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Re: Sekanjabin

Poster: Scott Law <law@fluky.Mitre.org>

Eogan put forth:
> Sekanjabin
> Dissolve 4 cups of sugar in 2 1/2 cups water.
> When it comes to a boil, add 1 cup wine vinegar.
> Simmer for 1/2 hour.
> Add a handful of fresh mint leaves, remove from heat, and cool.
> Remove mint leaves and dilute to taste with water.
> BTW, I'm told this drink comes from Persia.

Duncan returned with:
>Unless I misremember, Cariadoc also has a recipe for this in his
>Miscellany, for comparison purposes. 

  Having just made a batch (well, two) for Pennsic, I believe that the 
above recipe is the one from Cariadoc's Miscellany (which I use).  He 
also notes the following...

   Note: This is the only recipe in the _Miscelleny_ that is based on a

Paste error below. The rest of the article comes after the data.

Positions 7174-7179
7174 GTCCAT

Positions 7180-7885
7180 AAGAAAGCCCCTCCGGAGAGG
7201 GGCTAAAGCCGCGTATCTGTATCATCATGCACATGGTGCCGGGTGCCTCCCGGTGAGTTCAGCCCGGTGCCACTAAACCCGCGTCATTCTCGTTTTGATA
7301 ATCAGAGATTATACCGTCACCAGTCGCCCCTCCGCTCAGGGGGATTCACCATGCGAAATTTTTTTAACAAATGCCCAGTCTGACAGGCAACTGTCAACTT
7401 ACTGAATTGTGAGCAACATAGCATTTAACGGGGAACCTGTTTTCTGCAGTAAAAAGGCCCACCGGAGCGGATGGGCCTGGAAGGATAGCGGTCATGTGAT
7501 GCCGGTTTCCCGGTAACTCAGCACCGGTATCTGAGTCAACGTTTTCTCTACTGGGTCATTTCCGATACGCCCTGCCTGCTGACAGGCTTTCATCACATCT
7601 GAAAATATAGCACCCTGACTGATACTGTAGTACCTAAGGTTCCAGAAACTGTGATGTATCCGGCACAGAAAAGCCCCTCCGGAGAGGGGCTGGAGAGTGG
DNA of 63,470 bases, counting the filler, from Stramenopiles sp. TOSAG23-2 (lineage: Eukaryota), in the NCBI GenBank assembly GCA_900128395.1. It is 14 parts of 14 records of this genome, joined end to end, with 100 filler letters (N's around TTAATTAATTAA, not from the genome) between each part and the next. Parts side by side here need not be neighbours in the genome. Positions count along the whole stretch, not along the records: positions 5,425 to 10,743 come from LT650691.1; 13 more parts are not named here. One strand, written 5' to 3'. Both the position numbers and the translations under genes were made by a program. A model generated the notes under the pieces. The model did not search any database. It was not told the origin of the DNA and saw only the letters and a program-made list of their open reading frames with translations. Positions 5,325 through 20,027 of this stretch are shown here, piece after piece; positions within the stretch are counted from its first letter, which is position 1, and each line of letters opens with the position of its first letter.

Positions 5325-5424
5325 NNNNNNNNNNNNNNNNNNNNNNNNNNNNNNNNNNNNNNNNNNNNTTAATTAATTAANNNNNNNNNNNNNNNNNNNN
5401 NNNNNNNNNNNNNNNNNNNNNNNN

modern source: _A Book of Middle Eastern Food_, by Claudia Roden.
   Sekanjabin is a period drink; it is mentioned in the _Fihrist_ of
   al-Nadim, which was written in the tenth century. The only period
   recipe I have found for it (in the Andalusian cookbook) is called
   "Sekanjabin Simple" and omits the mint. It is one of a large variety
   of similar drinks described in that cookbook-flavored syrups intended
   to be diluted in either hot or cold water before drinking.

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